After leaving the Wyoming ranch, Gene and I set sail south and drove the Corvair as hard as we could to reach Colorado by nightfall.
One could buy beer in that state at the age of 18 and both of us were almost crazed to have a cold Coors. When we reached Julesburg in the far northeast corner of the state, we stopped downtown and bought a six-pack. Once back in the car, so great was our thirst, that we each opened a can and guzzled it down. Mine tasted great but Gene's was a disaster, apparently. Frantically opening the car door, he retched all over the curb.
After we reached home the following day, Gene and I saw very little of each other from then on. I would shortly be up for the military draft and I wanted to live a little more before entering the service. Gene still had a year of school ahead but since he was refused admittance back into Lecompton High School, he transferred to Lawrence, the same school that he had been booted from originally. After graduation, the little Barney Fife look-alike went to work at, of all places, a collection agency. Since not many deadbeats were intimidated when he came pounding on their door demanding overdue debts, Gene drifted to a new line of work. Eventually, my friend ended up in Virginia where he recently retired as a very successful realtor. The last I've heard of him, he lives with his wife in Las Cruces, New Mexico.
Of the few times we have seen each other over the decades (Gene has gained weight and now looks great), my friend never fails to mention that our Grand Goombah of 1965 was the defining point in his life. From that time forth, he insists, the travel bug infected him hopelessly. These little get-togethers are great and what I forget, Gene remembers. But curiously, despite age, success, happiness, and an otherwise positive and very forgiving nature, whenever I mention our week of bucking bales in Wyoming, Gene continues to smile but says little. Then, when I bring up Mr. Carlson, a sneer slowly spreads over my friend's face and he offers only one brief comment: "That son-of-a-bitch...scratching a horse's nuts!"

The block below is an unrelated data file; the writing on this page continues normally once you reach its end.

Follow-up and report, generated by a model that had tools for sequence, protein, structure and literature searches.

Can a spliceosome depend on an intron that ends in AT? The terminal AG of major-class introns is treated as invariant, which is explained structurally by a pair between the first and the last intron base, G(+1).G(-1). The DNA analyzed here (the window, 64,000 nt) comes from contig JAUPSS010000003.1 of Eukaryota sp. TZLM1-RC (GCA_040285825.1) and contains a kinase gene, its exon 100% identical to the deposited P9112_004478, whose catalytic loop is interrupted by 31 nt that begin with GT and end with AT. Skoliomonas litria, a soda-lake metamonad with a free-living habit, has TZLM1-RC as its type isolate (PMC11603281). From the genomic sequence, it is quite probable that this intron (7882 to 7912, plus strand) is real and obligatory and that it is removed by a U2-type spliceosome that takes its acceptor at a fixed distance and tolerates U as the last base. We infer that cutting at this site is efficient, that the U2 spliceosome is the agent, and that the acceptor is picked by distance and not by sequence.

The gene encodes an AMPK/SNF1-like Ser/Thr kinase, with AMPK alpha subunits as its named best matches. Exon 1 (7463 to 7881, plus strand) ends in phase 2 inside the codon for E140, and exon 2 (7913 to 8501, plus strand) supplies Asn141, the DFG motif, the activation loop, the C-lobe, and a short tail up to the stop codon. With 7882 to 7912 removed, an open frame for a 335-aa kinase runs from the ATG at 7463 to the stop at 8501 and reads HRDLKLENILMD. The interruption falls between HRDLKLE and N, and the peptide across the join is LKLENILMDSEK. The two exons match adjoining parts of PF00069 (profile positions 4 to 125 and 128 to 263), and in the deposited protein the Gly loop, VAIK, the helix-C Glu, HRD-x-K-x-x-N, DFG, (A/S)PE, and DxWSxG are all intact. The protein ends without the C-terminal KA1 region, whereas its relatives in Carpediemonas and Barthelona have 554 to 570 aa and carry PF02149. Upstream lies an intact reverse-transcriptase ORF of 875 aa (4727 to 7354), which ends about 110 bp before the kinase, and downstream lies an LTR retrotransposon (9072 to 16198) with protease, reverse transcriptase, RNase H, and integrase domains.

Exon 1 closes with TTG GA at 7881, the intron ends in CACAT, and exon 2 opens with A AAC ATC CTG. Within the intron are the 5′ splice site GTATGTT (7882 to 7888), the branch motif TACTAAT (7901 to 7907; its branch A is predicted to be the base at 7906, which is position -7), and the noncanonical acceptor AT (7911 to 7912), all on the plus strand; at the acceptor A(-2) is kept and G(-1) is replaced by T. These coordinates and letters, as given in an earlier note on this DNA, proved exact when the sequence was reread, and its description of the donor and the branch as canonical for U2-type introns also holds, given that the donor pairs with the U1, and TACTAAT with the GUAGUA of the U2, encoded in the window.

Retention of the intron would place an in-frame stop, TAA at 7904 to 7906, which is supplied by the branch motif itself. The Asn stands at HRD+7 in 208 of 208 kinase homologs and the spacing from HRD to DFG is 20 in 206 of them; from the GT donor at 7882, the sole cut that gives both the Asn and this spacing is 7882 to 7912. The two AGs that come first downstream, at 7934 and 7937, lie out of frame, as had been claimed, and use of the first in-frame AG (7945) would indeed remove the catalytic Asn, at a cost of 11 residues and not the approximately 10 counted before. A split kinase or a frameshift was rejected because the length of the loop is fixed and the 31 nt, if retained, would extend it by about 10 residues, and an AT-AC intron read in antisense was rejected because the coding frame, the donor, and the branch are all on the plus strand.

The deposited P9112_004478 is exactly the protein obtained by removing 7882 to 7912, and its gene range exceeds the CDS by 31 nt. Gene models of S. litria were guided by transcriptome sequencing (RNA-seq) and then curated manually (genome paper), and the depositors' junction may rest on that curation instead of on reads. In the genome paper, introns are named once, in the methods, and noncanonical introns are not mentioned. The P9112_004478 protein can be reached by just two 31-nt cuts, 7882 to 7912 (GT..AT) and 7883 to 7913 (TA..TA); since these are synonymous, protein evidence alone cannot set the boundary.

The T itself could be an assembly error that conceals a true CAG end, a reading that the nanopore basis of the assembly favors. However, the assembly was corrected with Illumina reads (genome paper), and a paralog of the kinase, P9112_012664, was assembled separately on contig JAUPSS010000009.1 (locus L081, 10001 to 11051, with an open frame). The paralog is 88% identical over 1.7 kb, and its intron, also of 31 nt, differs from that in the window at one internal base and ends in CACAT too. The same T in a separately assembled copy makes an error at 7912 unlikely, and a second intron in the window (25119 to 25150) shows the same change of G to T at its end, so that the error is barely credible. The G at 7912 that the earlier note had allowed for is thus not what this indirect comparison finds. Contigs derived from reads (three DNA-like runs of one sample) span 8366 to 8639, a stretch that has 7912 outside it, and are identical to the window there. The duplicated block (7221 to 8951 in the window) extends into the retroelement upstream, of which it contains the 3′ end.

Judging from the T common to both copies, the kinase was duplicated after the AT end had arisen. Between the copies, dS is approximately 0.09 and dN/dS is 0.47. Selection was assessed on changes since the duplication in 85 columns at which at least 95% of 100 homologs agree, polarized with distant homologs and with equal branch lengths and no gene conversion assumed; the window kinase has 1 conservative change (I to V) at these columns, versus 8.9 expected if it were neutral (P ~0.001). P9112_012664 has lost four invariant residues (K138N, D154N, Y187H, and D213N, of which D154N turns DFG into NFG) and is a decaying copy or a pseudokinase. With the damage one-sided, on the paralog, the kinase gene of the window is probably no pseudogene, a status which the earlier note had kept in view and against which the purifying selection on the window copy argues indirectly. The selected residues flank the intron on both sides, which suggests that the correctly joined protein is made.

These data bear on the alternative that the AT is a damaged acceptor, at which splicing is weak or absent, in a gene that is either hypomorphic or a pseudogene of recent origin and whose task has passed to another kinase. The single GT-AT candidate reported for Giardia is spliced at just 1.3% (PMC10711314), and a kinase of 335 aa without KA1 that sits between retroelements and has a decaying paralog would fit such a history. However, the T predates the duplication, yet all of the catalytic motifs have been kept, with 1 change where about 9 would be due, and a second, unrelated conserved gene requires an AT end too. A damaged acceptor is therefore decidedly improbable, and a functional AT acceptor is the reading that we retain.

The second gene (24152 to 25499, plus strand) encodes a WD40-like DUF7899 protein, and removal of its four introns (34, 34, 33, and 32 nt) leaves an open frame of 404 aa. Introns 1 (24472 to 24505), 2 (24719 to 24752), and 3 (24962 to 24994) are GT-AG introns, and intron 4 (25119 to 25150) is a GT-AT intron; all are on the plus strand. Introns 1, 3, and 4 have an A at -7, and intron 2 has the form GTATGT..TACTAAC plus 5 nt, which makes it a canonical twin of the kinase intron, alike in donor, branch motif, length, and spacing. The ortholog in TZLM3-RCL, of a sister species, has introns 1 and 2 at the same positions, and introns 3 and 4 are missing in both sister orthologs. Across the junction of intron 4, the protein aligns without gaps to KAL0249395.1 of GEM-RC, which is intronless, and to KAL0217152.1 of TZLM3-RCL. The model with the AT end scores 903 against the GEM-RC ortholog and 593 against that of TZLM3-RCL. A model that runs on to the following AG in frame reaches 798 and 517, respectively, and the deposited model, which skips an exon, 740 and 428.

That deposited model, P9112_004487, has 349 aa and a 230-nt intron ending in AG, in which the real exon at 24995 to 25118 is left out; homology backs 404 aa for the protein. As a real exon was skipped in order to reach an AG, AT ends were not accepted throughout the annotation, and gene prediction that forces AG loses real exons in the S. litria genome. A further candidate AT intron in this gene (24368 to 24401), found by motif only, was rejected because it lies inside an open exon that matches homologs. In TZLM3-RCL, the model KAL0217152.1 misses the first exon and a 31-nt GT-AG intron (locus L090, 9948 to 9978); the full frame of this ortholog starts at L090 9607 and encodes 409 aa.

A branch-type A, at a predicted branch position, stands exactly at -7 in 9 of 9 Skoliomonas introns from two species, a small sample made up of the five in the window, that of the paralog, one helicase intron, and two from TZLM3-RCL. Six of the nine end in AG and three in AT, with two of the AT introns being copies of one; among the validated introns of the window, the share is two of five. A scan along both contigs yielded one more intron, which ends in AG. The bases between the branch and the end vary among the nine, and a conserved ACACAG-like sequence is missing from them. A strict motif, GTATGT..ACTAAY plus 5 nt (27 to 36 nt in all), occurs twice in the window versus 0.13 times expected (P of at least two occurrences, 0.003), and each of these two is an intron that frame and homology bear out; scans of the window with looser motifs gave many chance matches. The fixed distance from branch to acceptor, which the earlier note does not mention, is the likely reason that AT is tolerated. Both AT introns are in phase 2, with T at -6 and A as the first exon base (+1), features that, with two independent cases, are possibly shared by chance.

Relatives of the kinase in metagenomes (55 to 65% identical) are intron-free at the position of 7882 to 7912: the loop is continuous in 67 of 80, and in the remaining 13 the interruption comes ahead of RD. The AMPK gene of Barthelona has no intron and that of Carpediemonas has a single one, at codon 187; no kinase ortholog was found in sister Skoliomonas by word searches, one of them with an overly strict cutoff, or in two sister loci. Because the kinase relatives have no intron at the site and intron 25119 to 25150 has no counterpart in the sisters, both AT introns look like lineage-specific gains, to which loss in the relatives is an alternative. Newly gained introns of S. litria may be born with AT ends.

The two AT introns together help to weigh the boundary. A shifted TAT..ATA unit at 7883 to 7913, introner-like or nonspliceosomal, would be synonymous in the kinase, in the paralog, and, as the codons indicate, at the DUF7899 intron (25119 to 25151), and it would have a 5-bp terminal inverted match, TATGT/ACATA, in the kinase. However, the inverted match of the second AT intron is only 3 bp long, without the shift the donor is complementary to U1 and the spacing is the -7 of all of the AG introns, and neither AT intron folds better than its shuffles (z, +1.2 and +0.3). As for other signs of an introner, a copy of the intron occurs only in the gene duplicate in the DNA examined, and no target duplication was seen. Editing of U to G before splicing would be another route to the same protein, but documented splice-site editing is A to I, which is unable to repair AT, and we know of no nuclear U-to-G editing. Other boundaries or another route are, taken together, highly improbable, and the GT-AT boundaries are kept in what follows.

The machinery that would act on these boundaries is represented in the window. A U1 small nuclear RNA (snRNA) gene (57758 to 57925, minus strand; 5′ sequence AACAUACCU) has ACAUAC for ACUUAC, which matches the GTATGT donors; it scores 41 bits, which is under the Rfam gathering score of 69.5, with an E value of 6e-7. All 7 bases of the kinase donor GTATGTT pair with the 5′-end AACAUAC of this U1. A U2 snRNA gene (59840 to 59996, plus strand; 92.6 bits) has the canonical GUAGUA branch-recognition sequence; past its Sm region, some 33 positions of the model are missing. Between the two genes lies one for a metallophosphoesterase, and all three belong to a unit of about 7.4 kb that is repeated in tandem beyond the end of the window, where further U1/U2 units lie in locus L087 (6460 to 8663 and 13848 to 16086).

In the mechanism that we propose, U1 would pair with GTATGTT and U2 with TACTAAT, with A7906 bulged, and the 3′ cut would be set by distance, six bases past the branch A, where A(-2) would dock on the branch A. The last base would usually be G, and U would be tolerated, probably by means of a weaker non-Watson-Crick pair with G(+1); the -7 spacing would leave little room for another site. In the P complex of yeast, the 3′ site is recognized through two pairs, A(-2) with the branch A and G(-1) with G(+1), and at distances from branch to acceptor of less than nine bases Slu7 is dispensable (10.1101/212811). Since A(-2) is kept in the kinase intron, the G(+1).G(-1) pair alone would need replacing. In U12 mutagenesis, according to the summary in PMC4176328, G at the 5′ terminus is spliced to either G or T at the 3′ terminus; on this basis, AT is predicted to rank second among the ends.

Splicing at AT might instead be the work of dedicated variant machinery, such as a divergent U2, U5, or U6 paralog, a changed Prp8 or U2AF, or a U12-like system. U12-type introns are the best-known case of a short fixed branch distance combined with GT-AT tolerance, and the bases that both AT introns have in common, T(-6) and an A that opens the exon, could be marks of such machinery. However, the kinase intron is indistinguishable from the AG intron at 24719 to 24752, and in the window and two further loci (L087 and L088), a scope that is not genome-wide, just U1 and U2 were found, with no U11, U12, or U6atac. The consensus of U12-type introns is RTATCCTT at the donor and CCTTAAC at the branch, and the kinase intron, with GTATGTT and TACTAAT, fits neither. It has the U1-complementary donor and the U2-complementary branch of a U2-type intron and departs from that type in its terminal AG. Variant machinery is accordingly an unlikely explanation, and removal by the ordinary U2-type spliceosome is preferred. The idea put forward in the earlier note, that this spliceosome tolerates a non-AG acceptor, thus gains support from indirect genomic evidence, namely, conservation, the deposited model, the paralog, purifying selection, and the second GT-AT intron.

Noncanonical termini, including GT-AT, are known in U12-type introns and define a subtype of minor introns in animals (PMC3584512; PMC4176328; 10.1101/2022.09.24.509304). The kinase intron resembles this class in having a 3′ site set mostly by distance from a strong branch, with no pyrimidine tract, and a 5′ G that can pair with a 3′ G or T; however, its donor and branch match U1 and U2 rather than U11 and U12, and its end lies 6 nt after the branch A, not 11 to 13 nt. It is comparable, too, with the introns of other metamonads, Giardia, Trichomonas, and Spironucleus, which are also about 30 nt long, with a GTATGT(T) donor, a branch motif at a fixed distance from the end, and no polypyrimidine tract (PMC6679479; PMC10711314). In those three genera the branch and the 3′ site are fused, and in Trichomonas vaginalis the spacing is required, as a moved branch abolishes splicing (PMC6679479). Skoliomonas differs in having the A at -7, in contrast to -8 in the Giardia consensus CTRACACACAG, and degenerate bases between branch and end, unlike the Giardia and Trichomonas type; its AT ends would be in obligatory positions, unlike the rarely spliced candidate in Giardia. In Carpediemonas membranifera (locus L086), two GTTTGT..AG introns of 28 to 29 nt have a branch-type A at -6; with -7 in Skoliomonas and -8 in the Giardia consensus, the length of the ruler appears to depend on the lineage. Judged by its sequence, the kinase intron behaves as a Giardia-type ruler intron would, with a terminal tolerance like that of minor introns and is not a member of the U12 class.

In October of 1965, a cousin and myself drove back up to Ucross. Since Carlson had offered me a job just before I had left that summer, I was hoping to take him up on it. Unfortunately, when we got there the old boss was gone and only the old lady was about. In pretty cool terms she informed me that there was no work to be had, not now, not ever--they had sold the place to "artists" and would be moving out directly. And that's all I ever knew of the Carlsons until I returned 38 years later.
In 2003, Deb and I found ourselves in Sheridan. I had been up that way many times since 1965 but for one reason or another I had never ventured down the road to Ucross. Together, this late afternoon, Deb and I decided to correct that omission.
When we reached the "T" in the road near Ucross, I knew that we had gone too far. Somehow, I had driven right by the place. Although it had been thirty-eight years, I was nevertheless shocked that my memory could have failed so miserably. Had it been a heavily populated area, had there been numerous changes and improvements, it might have been excusable. But this was not the case. Just as it was nearly four decades before, there were only a few scattered ranches in the valley.
Turning around, we drove slowly back the way we had come. When I saw a ranch on the left, I pulled cautiously into the driveway. I was looking hard, searching the place for anything that might jog my memory. Except for the little draw beside the house, nothing else seemed right.